Low-emitting materials, operable windows, and daylighting and views were used to promote good indoor air quality.

Green cleaning and education programs further promote the building as a teacher of sustainable design and healthy buildings.

Photos by Stephen Parezo

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Courthouse Square: Sustainable Design in SD
December 2, 2009, 2:21 pm
Filed under: Green Projects | Tags: , ,

Courthouse Square, a five-story office and retail building located in downtown Sioux Falls, is the second LEED Gold building in the state of South Dakota.  Designed by Koch Hazard Architects, it incorporates a number of environmentally significant systems and technologies including daylighting, renewable energy and geothermal templification, displacement ventilation, radiant heating and cooling, task lighting, low-emitting materials, and indoor chemical and pollutant source control.  78% of the building’s materials are regionally (within 500 miles) harvested and manufactured including the quartzite stone and architectural precast concrete façade.  Water conservation measures, including waterless urinals, save 140,000 gallons per year.  The design has far exceeded LEED Gold standards and is one of three projects nationally to win the 2006 GSA Environmental Award.1

The exterior of Courthouse Square was designed to respond to the neighboring US Courthouse without overwhelming it, despite its size.  A two story arcade of local quartzite reflects the tall arched windows of the historic courthouse across the street.  The 3rd and 4th stories above incorporate wide windows spaced in a system of architectural concrete, and the 5th story is set back behind a mansard style roof with elegant dormer windows reducing the apparent size of the building.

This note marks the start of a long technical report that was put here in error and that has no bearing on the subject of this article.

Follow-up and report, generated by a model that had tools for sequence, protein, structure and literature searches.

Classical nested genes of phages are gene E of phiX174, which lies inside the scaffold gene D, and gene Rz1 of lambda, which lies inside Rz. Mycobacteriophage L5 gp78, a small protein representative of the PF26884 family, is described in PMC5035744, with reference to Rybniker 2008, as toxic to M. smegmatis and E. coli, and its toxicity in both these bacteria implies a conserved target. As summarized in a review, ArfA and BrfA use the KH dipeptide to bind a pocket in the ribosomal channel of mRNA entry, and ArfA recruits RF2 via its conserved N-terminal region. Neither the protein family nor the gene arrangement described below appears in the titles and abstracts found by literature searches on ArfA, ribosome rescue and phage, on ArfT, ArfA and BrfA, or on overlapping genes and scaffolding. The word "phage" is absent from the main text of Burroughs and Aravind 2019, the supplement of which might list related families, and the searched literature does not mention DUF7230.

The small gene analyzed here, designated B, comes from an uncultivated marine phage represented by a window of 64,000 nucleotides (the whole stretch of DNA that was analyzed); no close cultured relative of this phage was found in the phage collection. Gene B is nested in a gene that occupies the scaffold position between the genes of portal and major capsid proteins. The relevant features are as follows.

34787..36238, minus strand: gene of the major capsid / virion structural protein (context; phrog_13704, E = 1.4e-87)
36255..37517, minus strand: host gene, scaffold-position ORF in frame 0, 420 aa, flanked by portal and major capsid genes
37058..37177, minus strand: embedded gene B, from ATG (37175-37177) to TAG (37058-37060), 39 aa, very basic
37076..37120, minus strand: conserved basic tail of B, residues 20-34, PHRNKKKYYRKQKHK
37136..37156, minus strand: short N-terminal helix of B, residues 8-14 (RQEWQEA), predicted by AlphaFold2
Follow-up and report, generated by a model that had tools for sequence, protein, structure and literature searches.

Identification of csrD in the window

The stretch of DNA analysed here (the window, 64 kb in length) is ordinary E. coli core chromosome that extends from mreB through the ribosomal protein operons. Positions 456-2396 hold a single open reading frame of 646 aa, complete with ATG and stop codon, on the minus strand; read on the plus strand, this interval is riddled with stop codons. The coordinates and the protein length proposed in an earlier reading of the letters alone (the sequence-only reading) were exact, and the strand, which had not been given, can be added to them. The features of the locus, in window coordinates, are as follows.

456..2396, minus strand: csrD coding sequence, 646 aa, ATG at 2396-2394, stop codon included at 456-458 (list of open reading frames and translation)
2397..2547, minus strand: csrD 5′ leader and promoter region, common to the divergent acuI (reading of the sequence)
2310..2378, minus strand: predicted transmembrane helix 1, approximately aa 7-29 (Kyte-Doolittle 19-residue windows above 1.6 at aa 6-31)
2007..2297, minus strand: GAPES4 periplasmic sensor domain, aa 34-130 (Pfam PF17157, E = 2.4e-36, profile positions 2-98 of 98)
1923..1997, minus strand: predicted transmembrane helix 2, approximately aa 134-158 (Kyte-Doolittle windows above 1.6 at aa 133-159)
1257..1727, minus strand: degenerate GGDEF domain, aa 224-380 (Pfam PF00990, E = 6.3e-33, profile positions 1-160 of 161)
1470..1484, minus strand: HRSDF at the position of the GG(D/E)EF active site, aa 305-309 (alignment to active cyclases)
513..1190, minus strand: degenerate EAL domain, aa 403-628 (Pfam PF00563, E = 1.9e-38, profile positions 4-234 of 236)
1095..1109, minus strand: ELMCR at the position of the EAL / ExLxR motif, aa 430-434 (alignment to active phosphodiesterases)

Photos by Stephen Parezo



Cherapa Place: Green Building in SD
December 1, 2009, 6:02 pm
Filed under: Green Projects | Tags: , ,

Photo by Aaron Holmberg

Cherapa Place, a 140,000 square foot office building located on the East Bank of the Big Sioux River in downtown Sioux Falls, is the first LEED Gold Building in the state of South Dakota.  Designed by Koch Hazard Architects, the site and building incorporate many innovative and sustainable systems and technologies reducing energy consumption by 40% and water use by 15%.  Other green strategies include the redevelopment of a brownfield site, stormwater management, green roofs, and a native landscape.  Also, 60% of the building’s materials are regionally (located within 500 miles) harvested and manufactured such as the quartzite stone on the building’s base.

Quartzite is a stone that was commonly used in Sioux Falls architecture until the early 20th century because the city is located on a large quartzite formation.  The façade of Cherapa Place uses over 8,500 square feet of this stone.

The interior of the building features tabletops made of pressed sorghum and cabinetry and trim made from pressed wheat.

Photos from Aaron Holmberg